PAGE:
Is Friendship a Battlefield? plus Grow a Pair.
Dear Dr. Hurd,
This seems sort of trivial now that I’m writing about it, but here goes: I spend a lot of time regretting how I react to people who even mildly criticize me. I get defensive over the slightest thing, and I can tell, even as I respond, that I am hurting feelings when I overreact to suggestions, no matter how well-meaning. It happens almost automatically and I don’t know how to control it.
Dr. Hurd replies,
To be defensive means you have something to defend. What is that, exactly? Maybe someone is pointing out something to improve because they care about you. Is that such a bad thing? Maybe you agree with what they’re saying, or maybe you don’t. If it’s the former, they’ve done you a favor. It it’s the latter, well, you’re not thrilled, but you still have someone who cares enough to take the time.
Sometimes people are critical not because they care, but simply because they’re mean and insecure. That’s no fun, but why defend yourself against such a person? They don’t matter. Defensiveness is an attempt at self-protection, and that’s a good motive. But being defensive is the wrong way to go about it. Maybe subconsciously you have come to view relationships as battles. It could have started in your childhood, but to me, that’s not what matters. What matters is that you have internalized the purely emotional view that, “I’m under attack. I’ve got to defend myself!”…even when you don’t.
This may also stem from a poor sense of self-esteem. People who feel insecure about themselves worry about being attacked. They’re worried that maybe the attacks are valid. Or they worry that if another criticizes them, nobody loves them and it’s a catastrophe. Not likely. If you must engage in battle, then at least put the other person on the defensive. Train yourself to say, “I don’t quite understand. Can you explain, please?” This is a good tactic whether you’re trying to push somebody’s criticism away or if you actually wish to understand it.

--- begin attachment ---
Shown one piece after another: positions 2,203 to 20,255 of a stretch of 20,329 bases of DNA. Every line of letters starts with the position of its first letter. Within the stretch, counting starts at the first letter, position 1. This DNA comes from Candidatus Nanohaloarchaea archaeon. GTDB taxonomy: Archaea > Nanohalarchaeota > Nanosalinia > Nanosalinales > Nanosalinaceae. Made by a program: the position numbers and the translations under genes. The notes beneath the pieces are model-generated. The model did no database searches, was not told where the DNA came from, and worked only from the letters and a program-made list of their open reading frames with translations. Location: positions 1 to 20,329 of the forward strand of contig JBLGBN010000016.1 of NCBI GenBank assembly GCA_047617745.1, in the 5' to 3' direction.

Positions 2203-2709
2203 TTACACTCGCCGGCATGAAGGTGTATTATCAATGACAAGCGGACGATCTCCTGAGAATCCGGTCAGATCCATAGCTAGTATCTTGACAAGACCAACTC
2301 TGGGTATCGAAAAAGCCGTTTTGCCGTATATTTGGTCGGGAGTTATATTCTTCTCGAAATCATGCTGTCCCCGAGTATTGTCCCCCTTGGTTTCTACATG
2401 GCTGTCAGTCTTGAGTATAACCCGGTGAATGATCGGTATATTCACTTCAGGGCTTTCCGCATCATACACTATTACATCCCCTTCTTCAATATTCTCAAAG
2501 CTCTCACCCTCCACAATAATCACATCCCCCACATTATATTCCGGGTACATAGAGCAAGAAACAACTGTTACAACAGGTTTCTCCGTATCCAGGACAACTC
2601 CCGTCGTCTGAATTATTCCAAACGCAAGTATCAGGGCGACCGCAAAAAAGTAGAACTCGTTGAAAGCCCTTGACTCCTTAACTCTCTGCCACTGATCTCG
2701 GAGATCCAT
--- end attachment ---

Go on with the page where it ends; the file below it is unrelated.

Knowledge is power. It really is. When someone criticizes you constructively: “You’ve got broccoli in your teeth” or “There’s a multi-legged creature on your shoulder,” then they’ve done you a favor. When someone criticizes you just to put you down, then you’ve learned something important about them. ‘Nuff said. Either way, it’s new knowledge and a win-win for you.
Dear Dr. Hurd,
I moved in with a guy about a year ago and all of my friends accepted him immediately. The problem is that I have met somebody else, and now I feel trapped. I know if I break up with him it will be shocking to many of the friends we have in common and will create awkward social situations in the future. But on the other hand I’m sick of sneaking around behind his back and my new friend feels the same way. I feel like if I break up with my current boyfriend that I will be breaking up with my current friends too.
Dr. Hurd replies,
You’re not in a romantic relationship with your friends. I’m sure you don’t expect them to choose their relationship partners based on your social needs. So why would you ask that of yourself? It sounds to me like you’re trying to avoid discomfort. Maybe this hyper-concern about your friends is a distraction; a way to avoid the difficult process you’re facing. If that’s true, at least be honest with yourself about it.
I see this with people who have been in relationships or marriages for a long time. Simply because of its longevity, they cannot bring themselves to end an unhappy relationship. It’s hard for people to accept that just because something might have been right for its time, it might not be right for all time. I don’t mean to be casual about long-term commitments, but living a lie is worse than breaking up. Gays and lesbians should understand that better than a lot of people.
Why do you care so much about what other people think? If you’re worried they’ll judge you harshly for sneaking around on your boyfriend—particularly someone they like—well, let’s face it: They probably will. All I can say here is that the damage is done. Don’t add to a bad situation by living a lie.
You don’t owe anyone an explanation other than yourself and your present boyfriend with whom you’re living. A relationship is between the two people involved. Others who think they can guess what’s going on between two other people have an inflated opinion of their own insight. There are enough cases where the two parties in a relationship don’t see things the same way; so how can someone outside the relationship hope to know what’s actually going on?
Stop faltering in indecision. It’s not fair to you, your present partner, or your new partner. And your friends? They’ll get over it. And if they don’t? Then they weren’t your friends to begin with. There is no perfect solution, so just take responsibility and do what has to be done.
Michael J. Hurd, Ph.D., LCSW is a psychotherapist and author. His office can be reached at 302-227-2829. Email questions or comments to Dr. Hurd.